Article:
Ironically, though, I think Adam-12 fans are the ones that would get the most enjoyment out of the movie and seeing Milner and McCord share the screen again (they would do so again in 1997 in an episode of Diagnosis Murder playing yet again LAPD cops.) Also, 1989 was the year that a newer but crappy version of Adam-12 started airing that only lasted one season. Milner and McCord never appeared on the new show.
The best scene in Nashville Beat in my opinion? It's when the guys sing backup on a Beatles tune, as seen below. It comes at the very end so if you don't want to waste your time watching this movie, you can cut to the chase and savor it below. (If you do want to watch the whole film, it's been uploaded to YouTube here.)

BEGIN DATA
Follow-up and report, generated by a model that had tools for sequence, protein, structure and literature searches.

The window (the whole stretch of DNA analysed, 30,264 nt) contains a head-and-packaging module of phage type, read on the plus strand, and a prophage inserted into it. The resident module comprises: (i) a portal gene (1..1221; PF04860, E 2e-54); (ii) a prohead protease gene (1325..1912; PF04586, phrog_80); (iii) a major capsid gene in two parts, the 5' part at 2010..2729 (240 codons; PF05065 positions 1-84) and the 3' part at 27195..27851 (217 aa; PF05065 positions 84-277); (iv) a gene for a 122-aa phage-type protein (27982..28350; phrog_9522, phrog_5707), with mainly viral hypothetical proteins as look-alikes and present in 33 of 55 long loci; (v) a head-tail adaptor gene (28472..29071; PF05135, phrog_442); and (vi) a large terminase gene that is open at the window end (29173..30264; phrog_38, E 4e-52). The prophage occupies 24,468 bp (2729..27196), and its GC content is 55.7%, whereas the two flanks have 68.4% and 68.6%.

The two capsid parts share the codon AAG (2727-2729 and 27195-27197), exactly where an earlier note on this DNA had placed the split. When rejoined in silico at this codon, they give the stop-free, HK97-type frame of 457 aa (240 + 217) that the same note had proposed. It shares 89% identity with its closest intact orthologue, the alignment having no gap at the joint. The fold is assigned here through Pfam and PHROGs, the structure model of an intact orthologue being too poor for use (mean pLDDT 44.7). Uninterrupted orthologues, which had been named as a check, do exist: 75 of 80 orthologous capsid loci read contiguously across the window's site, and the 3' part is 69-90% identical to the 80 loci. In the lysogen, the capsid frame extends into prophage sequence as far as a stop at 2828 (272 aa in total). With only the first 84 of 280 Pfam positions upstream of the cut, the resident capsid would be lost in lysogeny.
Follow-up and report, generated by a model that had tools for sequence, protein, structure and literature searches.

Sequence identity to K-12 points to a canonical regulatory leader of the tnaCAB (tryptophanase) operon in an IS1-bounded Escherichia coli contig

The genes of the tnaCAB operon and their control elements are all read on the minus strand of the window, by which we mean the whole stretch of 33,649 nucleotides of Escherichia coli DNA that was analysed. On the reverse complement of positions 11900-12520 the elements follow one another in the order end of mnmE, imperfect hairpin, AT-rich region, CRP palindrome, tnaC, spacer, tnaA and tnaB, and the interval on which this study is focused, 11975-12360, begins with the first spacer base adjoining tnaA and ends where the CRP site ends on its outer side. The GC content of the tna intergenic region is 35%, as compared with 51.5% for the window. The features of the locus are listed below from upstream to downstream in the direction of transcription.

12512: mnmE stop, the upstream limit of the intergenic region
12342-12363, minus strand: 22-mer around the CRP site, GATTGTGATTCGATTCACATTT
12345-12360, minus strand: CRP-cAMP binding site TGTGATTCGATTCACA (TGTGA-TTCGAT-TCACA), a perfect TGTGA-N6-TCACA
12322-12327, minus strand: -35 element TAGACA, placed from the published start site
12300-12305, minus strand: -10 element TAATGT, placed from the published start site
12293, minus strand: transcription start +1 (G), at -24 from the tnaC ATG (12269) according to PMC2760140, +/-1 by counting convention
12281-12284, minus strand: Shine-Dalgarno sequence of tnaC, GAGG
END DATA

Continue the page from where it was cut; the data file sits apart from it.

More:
Hi, I'm Pam - thanks for visiting Go Retro! If you've ever been called an old soul like I have, or you were lucky enough to actually live during the mid-20th century in America, then you're in the right place!